How families can thrive on a single income budget
There are over 200,000 single-parent families in New Zealand, and many more with a stay-at-home parent – plenty are living on a single income! Whether this is just for now or for the long-term, it can be difficult to manage your finances to help your family thrive. But with careful planning and some sacrifice, it is possible. Here are five tips for families living with less money:
1. MAKE A BUDGET AND TRACK YOUR EXPENSES
First, make a budget. A budget lets you understand where your money is going, and tracking your expenses is an effective way to make sure you’re sticking to your budget.
The 50/20/30 budget rule is a good place to start. 50% of your earnings should be spent on your needs and obligations, such as rent and bills. 30% of your income should be allocated to non-essential expenses - anything that you do not need to survive. The final 20% of your earnings should be put towards financial goals, such as paying down your debt and a savings account. This allows you to plan for your family’s future and means you will have some money available when unexpected expenses come up.
Writing your expenses down will help you identify if your needs really are needs, or if they can be moved into the ‘wants’ categories. It will also show you exactly where your money goes, and where you need to cut down. This will keep you accountable.
Read more: 8 steps to make a yearly budget
2. SHOP AROUND FOR BETTER DEALS
Don’t be afraid to shop around and switch utility companies. Many of these companies offer temporary discounts for switching and this can be an easy way to save some money on your bills. Just make sure once the discounts run out that you’re not paying more than before.
You can also shop around for better deals on your loans too. Combining all your debts into one (debt consolidation) can make your repayments easier to manage and, sometimes, cheaper too. But keep an eye out for early break fees on your loans! Read more about those here.
3. ENJOY FREE ENTERTAINMENT
Living on a single income does not mean you have to give up those important days of family bonding. There are plenty of options for free family fun: you just have to know where to look. Websites like The Urban List and Eventfinda let you know what’s currently on in your area, and there’s always a plethora of free events that you may not have heard about!
If you’re a single income parent, there are some great opportunities to bond in your day-to-day with your kids. Spending quality time doesn’t need to mean going out. Devoting time to family hobbies or home improvements can be just as valuable as family activities. “Spend time, not money” is a good motto to live by.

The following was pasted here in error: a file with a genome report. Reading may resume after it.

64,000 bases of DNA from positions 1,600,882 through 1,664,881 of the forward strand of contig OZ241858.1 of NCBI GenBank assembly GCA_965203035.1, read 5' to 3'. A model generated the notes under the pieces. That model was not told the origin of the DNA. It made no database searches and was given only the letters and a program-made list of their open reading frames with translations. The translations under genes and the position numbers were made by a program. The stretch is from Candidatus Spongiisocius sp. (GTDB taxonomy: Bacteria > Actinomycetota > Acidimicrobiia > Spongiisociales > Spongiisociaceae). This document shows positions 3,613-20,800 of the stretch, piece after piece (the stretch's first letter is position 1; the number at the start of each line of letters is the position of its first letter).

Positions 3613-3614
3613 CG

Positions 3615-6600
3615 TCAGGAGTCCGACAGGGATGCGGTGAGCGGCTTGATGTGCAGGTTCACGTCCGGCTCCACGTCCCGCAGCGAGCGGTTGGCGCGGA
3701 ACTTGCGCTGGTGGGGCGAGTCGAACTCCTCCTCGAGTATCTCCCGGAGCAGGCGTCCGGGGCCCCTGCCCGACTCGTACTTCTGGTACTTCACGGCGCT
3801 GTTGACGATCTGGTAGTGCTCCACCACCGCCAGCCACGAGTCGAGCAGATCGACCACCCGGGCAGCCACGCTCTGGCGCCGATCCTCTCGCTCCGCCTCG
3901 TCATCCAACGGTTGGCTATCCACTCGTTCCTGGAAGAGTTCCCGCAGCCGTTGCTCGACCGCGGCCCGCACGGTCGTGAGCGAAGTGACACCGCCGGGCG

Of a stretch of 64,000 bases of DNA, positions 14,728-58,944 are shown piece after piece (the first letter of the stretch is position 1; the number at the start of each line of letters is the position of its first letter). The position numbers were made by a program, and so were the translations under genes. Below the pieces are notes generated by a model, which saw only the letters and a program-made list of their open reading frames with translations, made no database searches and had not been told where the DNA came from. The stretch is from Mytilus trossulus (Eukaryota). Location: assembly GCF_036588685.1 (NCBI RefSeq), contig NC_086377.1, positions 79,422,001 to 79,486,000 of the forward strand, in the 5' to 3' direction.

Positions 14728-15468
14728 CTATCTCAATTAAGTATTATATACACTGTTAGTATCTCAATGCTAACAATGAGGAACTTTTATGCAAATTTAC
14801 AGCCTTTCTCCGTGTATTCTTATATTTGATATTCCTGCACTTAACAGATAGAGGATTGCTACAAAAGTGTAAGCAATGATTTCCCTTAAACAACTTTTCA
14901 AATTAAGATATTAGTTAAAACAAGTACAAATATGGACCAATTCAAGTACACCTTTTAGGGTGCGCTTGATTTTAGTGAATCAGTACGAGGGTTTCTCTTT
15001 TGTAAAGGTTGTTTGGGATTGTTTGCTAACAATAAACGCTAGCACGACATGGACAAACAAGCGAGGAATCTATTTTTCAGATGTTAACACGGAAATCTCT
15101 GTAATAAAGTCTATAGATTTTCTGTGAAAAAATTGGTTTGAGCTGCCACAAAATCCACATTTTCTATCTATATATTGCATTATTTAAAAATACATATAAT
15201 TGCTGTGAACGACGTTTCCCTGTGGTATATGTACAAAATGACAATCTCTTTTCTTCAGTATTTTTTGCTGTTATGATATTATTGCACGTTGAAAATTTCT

4. PLAN YOUR MEALS IN ADVANCE
Food can be expensive, especially for a family. Planning your meals can drastically reduce costs, so it’s an easy way for a single-income family to cut down on their spending. When you know what you are going to eat, you’re less likely to impulse-buy takeaways in favour of sticking to your meal plan. Planning similar meals for the week is also a good way to save money. This allows you to buy food products in bulk and use them all up, rather than buying a wide variety of food products.
Cutting out junk foods can be a great money saver! You don’t need these foods, and spending your food budget on fruit, veges, meat and fish will benefit your health and your bank balance. However, the aim is to keep your budget liveable as well: the kids might not have an easy time switching to the cheaper (but less junky) foods. Ease them (and yourself) into it.
5. HAVE AN EMERGENCY FUND
From the 20% of your income that you are saving, you should allocate some money to an emergency fund. When you are a single income family, you don’t have the safety net that a dual-income family has, so having enough money tucked away in case disaster strikes means you won’t have to worry about not being able to pay your bills. It’s even better if you have two funds: one for one-off unexpected expenses, the other with enough money for 6-12 months’ worth of expenses, just in case the single income drops to no income.
If you manage to stick to the tips you will find that, despite missing a few conveniences and the occasional material ‘want’, you can thrive on a single income budget.
If your credit score is stopping you from getting your first home loan, it can feel like you’ll never find a place of your own in New Zealand. But there
If you’re struggling to put together the full 20 per cent deposit required for a first home loan, these are the alternatives open to you.